The second database is Riak, a key-value distributed store. Key-value stores a not really new (many property or configuration files are really basic key-value stores, and Berkeley DB has long been a good choice for those who needed something a little bit more robust than simple files but not as complex as a relational database).
Still, going from this simple concept to a distributed store that can execute data processing on each of its nodes requires more than simply scaling things up, and I hope that this book will give me some idea of how such a store (and the other NoSQL) might fit in the solution landscape.
But that is probably getting a bit ahead of myself; right now I’d be happy just to know how to use Riak.
The client can be the simple
cURL command, as Riak’s interface is based on HTTP. This simplifies the technical stack, but pushes some of the complexity on the client. It is clear that Riak will not provide anything as easy and convenient as PostgreSQL’s
Riak’s basic API is a REST based CRUD (with Create being pretty much the same as Update). Additional attributes, such as meta-data or the more important links are passed as headers in the HTTP request.
It is simple, but somewhat inconvenient: there is no concept of partial update. When you want to update an object, you need to pass all the relevant data: meta-data, links, and content. Forget to mention one, and Riak will forget it too.
When was this book written?
I had noticed that the book refers to PostgreSQL 9.0 when 9.1 has been out for a while. In this chapter on Riak, the author uses an apparently old format for the URLs,
/riak/bucket/key, whereas the official documentation recommends
/buckets/bucket/keys/key (for instance,
/buckets/animals/keys/polly). Both formats can be used and are interoperable, but there is no need to teach already deprecated formats.
Of course, I found out about this new format after I completed all the exercises for today. So I will still use the old format for today.
Presumably this will be fixed by the time the book gets published.
Simple but useful trick
Reading unformatted JSON data can be difficult. I found that Python provides a simple way to pretty print JSON output:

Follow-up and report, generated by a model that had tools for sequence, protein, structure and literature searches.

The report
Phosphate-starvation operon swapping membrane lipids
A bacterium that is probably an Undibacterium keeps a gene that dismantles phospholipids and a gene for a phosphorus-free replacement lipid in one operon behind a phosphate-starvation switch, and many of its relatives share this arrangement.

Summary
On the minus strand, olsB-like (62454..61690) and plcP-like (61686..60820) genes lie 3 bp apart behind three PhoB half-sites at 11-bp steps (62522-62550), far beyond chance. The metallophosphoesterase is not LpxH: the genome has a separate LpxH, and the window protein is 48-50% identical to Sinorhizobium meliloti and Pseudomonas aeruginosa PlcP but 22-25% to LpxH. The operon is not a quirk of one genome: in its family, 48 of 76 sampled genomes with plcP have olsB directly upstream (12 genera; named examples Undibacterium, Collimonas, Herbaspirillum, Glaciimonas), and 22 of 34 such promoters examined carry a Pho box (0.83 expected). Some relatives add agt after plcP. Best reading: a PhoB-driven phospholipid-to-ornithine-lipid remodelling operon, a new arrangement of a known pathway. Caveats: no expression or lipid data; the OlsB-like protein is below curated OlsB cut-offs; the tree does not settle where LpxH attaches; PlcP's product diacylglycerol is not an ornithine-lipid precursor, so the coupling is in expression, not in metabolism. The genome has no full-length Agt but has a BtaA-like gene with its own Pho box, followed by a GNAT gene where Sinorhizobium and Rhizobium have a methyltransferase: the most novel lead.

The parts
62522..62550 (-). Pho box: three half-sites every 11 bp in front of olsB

(there are certainly other tools. Python is just the first one I came upon). To turn this into a simple, easy to use command, I added this to my
That way, I can just pipe the output of
This unfortunately does not work with
curl additional output (such as HTTP headers).
As always, Wikipedia is very useful.
Differences between the dev1, dev2 and dev3 servers
The only difference is the port number. But there is some intelligence in the startup script to map each server to its own directory for permanent storage.
Link from Polly to her picture
This creates the link. Note, as I mentioned above, that the content needs to be repeated. Putting no body would cause a
curl error (as an HTTP
PUT request must have a body):
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The image can be retrived from Polly by following the link:
or, using the new format:
POST a new type of document
Here I upload the Seven Databases in Seven Weeks (legal) PDF:
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I use the
-i option to retrieve the HTTP headers of the response and get the generated key. The command above has this output:
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Otherwise, I could list the keys for this bucket:
1 2 3 4 5 6 7 8 9 10 11 12 13 14 15 16 17 18 19 20 21 22 23 24 25 26 27 28 29 30 31 32 33 34 35
I can use the URL below to retrieve the document in a browser:
PUT a medecine image and link to Ace
Once again, nothing too complex, but everything has to be done at the same time, as partial updates are not possible:
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Then the image itself can be retrieve at:
Finally, I can get the poor patient by following links:
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And this completes Day 1. The basic REST API is not complex, but its simplicity cuts both ways. There is a lot of typing required; I expect client libraries to be much easier to use, at the cost of having to write an application or script to do anything.
Tomorrow will cover MapReduce in the context of Riak.